Yes, Vomiting on Yourself Is Totally Worth it if Cancer Dies
I told myself this last Friday while I waited to have surgery to remove the tissue where the lump was and the few lymph nodes that were positive for cancer cells back in July.
As I dozed on the couch, one of my doctors unexpectedly phoned. She had my test results in front of her and she was so happy she had to call me. My body has had a "complete pathological response to chemotherapy"--which means that those horrific infusions of carboplatin and taxotere did what they were supposed to do. There are no traces of cancer cells in my lymph nodes or in the breast tissue that was removed.
I was kinda like Oprah when I was on the phone with the doctor. I cried, but I managed to hold it together as I listened to her talk. The minute I hung up...well, I hugged my sister and my 13-year-old son and bawled like a baby.
I have drawn on my eyebrows and worn wigs and smiled when people asked me how I'm doing. I realized that no one wants to hear someone reply, "Actually, I'm not doing so hot and I kinda feel like passing out under a table."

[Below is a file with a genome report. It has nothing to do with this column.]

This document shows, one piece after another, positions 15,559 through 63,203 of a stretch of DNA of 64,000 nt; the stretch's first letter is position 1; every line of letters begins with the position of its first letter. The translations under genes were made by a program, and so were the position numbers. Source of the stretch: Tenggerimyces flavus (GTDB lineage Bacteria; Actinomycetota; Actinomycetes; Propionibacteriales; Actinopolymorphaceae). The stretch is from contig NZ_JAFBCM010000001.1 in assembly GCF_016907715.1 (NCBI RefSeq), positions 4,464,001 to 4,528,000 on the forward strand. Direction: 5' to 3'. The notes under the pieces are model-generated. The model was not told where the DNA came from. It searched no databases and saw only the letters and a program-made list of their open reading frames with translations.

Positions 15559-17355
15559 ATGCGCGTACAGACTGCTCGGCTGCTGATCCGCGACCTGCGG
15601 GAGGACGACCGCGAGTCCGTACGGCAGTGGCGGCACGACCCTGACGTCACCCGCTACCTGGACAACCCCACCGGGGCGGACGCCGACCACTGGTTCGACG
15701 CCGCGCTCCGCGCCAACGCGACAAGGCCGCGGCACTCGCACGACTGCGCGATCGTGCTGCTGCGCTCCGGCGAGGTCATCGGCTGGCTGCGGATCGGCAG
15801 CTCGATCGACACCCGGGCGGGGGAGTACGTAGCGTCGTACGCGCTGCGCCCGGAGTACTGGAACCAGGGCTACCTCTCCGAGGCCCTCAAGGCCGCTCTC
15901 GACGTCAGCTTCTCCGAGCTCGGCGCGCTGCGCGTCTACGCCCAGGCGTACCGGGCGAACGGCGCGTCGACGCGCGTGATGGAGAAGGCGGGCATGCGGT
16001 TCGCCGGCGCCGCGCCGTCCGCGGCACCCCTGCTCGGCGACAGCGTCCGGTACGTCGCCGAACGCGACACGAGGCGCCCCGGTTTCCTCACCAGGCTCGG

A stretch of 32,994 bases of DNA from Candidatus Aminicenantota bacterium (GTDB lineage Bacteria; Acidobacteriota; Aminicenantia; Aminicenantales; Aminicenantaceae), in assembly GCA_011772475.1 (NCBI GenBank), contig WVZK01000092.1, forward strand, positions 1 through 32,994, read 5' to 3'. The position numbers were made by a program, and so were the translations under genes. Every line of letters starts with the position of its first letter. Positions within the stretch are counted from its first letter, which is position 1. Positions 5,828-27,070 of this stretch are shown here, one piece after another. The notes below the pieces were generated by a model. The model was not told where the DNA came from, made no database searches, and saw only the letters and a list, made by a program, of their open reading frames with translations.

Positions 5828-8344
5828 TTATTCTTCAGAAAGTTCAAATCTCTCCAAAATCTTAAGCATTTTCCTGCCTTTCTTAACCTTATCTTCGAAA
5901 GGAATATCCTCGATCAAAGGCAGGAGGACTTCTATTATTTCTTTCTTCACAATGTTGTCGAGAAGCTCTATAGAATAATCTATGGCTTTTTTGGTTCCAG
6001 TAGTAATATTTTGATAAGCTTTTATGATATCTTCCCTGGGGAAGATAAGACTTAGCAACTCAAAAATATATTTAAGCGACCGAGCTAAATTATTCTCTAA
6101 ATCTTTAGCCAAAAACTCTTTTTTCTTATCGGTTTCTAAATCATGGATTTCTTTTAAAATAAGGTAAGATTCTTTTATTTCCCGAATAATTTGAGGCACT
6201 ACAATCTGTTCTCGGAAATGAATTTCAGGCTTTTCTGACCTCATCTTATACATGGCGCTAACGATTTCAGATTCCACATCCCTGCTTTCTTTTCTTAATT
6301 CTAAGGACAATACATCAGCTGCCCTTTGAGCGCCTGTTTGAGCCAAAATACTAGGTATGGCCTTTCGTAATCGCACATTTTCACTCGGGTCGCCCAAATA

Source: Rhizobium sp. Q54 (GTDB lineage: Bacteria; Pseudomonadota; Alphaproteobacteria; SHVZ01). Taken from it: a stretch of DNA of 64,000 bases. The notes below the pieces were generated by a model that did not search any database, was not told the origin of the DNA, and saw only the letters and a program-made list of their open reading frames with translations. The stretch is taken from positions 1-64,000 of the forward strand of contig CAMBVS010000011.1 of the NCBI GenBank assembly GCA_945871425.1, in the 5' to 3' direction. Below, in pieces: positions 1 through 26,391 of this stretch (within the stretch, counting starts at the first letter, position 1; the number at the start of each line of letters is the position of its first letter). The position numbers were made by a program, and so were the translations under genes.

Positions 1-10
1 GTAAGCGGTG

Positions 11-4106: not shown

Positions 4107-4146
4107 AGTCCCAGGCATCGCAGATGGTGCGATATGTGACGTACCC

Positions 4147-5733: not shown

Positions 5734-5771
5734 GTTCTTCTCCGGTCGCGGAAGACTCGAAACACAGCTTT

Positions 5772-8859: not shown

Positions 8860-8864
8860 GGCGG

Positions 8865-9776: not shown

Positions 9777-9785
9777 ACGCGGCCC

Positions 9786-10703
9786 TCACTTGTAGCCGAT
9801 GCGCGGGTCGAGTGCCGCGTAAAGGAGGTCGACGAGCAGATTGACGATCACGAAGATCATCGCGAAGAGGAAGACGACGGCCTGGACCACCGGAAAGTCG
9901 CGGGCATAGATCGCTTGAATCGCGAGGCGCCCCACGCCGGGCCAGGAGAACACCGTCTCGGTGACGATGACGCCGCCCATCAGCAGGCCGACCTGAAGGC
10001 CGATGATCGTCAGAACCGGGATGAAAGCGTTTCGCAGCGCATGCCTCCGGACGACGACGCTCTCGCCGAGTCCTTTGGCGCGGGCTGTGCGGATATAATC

At the end of most days I have collapsed the minute I got home from work. I've been in such terrible physical shape that I have often worried that I wouldn't wake up alive when my alarm clock went off in the morning.
The numbness in my fingers has made typing feel like I'm being stabbed with tiny needles. I have seemingly endless hot flashes because chemo drugs put you into menopause. My body is a swollen mess because of the steroids I have had to ingest to keep the chemotherapy infusions from killing me. A month after the end of chemotherapy, the side effects are hanging in there. I've been so worried that the doctors would say sorry, we didn't get all the cancer, you're going to have to do more chemotherapy or more surgery. They didn't say that.
Let me type that again: I DON'T HAVE CANCER ANYMORE. I DON'T HAVE CANCER ANYMORE. I DON'T HAVE CANCER ANYMORE.